The BOM (Bureau of Meteorology) predicted rain – but thankfully, they were wrong as usual.  The Saturday was a cloudy day with quite a bit of wind which made it fun trying to put weeds in the weed bags!  But a perfect temperature for working on our site.  We had 60 plants to put in on the western side of the site which is very steep, and therefore involves some landscaping, in places – with almost building terraces for our plants so that they are stabilised in the cliff after planting and that rain water will move into their trough which we create in the appropriate space on site.

Half the group worked on one area on the southern western side some worked in the gully area where we planted the five Goodenia dimorpha as it’s a bit sheltered there, the other plants were planted on the western side where they planted some coastal tea tree, Hibbertia scandens, native rosemary, banksia, Melaluca Amillirs.

Six of us on the southern western side unfortunately had to spend the first hour removing the non-native pig’s face which had grown down the slope to the proposed planting area – a few months ago, this area was clear, but the non-native

 pigs face is a very aggressive grower having engulfed previously planted plants from last month; unfortunately none of the Isolepis nodosa plantings survived being covered by the pigs face.  The past amount of rain we have had, the non- native pigs face has literally exploded, it’s now becoming a problem as big as the Bitou.  Such ashame as Peter Miller spent so much time ensuring we only had the native pigs face on site… alas, it was not so….

After Morning tea the six who had worked on the steep slope then worked on the eastern flat  removing the Bromus grass which has come onto our site as it has moved down the public path way which is Council responsibility – we did ask last year if Council could get contractors in to remove, but this did not happen.  We have asked again this year.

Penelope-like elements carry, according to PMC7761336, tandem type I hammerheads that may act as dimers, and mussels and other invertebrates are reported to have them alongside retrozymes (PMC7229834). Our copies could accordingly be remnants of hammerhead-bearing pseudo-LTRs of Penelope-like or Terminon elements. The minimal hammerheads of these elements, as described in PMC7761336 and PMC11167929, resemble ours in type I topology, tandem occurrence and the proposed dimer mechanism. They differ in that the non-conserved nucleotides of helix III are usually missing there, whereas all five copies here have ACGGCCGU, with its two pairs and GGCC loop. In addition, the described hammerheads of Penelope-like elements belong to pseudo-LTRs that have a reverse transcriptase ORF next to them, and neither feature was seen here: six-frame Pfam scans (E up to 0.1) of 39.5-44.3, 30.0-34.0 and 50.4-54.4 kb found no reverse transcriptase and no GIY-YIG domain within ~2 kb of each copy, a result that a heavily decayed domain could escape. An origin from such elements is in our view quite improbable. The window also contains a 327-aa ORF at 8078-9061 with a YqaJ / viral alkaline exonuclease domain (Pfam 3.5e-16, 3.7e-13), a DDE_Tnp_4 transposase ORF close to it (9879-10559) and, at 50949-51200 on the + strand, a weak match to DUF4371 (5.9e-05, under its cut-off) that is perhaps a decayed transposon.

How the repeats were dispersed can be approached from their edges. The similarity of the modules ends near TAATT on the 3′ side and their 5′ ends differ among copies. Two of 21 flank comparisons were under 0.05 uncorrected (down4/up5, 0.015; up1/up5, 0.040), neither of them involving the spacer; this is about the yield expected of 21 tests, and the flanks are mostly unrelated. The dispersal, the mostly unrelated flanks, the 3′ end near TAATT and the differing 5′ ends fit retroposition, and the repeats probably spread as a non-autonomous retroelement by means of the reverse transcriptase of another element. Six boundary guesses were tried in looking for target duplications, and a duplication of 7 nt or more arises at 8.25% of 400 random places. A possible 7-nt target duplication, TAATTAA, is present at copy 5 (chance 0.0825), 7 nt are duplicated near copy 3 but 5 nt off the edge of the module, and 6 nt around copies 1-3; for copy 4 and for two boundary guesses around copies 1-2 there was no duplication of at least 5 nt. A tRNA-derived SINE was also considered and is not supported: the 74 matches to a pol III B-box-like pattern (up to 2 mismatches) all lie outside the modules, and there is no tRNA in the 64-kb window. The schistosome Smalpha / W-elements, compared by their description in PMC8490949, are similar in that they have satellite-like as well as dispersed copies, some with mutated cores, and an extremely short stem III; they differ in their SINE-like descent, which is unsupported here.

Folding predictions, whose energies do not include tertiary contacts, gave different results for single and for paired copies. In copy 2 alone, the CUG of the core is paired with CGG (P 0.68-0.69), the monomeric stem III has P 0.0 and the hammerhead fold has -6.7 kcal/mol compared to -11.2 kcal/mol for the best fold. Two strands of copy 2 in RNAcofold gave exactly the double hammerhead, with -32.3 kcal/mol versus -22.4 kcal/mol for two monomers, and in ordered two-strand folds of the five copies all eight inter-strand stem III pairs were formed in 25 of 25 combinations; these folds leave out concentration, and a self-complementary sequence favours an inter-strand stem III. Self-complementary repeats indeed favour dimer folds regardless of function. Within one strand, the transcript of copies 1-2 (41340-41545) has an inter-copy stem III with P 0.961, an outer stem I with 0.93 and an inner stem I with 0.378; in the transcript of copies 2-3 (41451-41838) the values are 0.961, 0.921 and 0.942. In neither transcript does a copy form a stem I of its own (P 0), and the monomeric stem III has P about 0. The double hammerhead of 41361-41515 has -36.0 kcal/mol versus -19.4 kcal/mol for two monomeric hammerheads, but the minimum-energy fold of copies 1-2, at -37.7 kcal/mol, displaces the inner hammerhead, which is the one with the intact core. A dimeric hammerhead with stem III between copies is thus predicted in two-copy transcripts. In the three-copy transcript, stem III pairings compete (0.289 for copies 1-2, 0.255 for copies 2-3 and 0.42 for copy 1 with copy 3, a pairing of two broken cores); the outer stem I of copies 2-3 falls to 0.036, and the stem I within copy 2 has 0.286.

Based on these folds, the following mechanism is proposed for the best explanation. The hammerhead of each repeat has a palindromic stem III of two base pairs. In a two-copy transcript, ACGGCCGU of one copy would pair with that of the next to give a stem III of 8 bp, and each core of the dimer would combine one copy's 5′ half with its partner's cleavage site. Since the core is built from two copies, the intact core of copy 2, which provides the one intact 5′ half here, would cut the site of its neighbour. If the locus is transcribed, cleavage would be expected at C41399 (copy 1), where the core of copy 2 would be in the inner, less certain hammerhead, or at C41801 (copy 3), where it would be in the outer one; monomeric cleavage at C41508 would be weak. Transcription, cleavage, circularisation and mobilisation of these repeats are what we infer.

Reefcare advised Council of this weed issue 3 years ago.  

Our wonderful supervisor spent the latter morning continuing to remove the kikuyu from along the track fence line and off the native plants – it’s really looking good along there now thanks to Jarrah – as you can see from the photos.

The bulk of other team members moved back up to the western slope to finish with the plantings, removing bitou and weeding as they headed west, whilst two members – Merrilyn and Gen, went around the site targeting a Gladiolus which appeared about three years ago.  Georgia Williams from Council advises that is it “most likely a hybrid but similar to Gladiolus caryophyllaceous”.  This does need to be targeted because if left will spread over bushland and impact plant communities – given the number of seeds around the corm and also the amount seeds in the pod after flowering, I can certainly see how a few of these could quite quickly become more than many – what an amazing set up for over propagation.

Photos – taken by Lisa Calder
Photo 1 (top): After removal of the non-native pigs face (see pile on left of photo) we have cleared the ground for planting.  We make a long trough and ensure any rain water from uphill, will come into our planting area.
Photos 2 & 3: These photos show Jarrah working along the fence line removing the Kikuyu from the fence and the native plants along side.  This clearing we have tried to do for over 2 years, but due to seasonal invasions this just constantly got put on the back burner – with unfortunate consequences – it has spread into some really good Themeda grassland on the eastern side of the track, which now looks like a weed mass instead of 5 years ago it was just delightfully full of colour at seeding time with that beautiful sienna colour.
Photo 4: As the slope is so steep and the basically sandy soil can readily collapse, we create a mini retaining wall  above the trough, (see the use of the previously cut Bitou to create this retaining wall) then did a hole for our tube stock plant in front of the retaining wall.
Photo 5: shows the retaining wall completed and the plant in the ground, which mulch around the plant and in the created trough. We have found that my mulching around the plants we there is a much better survival rate, as this is protecting the sand which gets very hot and dries out.  Experience has shown that with the mulch that even after a few hot days, that underneath the mulch there is often some moisture and it is not parched soil.
Photo 6:  After planting a plastic guard is put around the plant to not only protect it from rabbits, but it help keeps the moisture with the guard so that the plant does not dry out.  Once established, the guard is removed.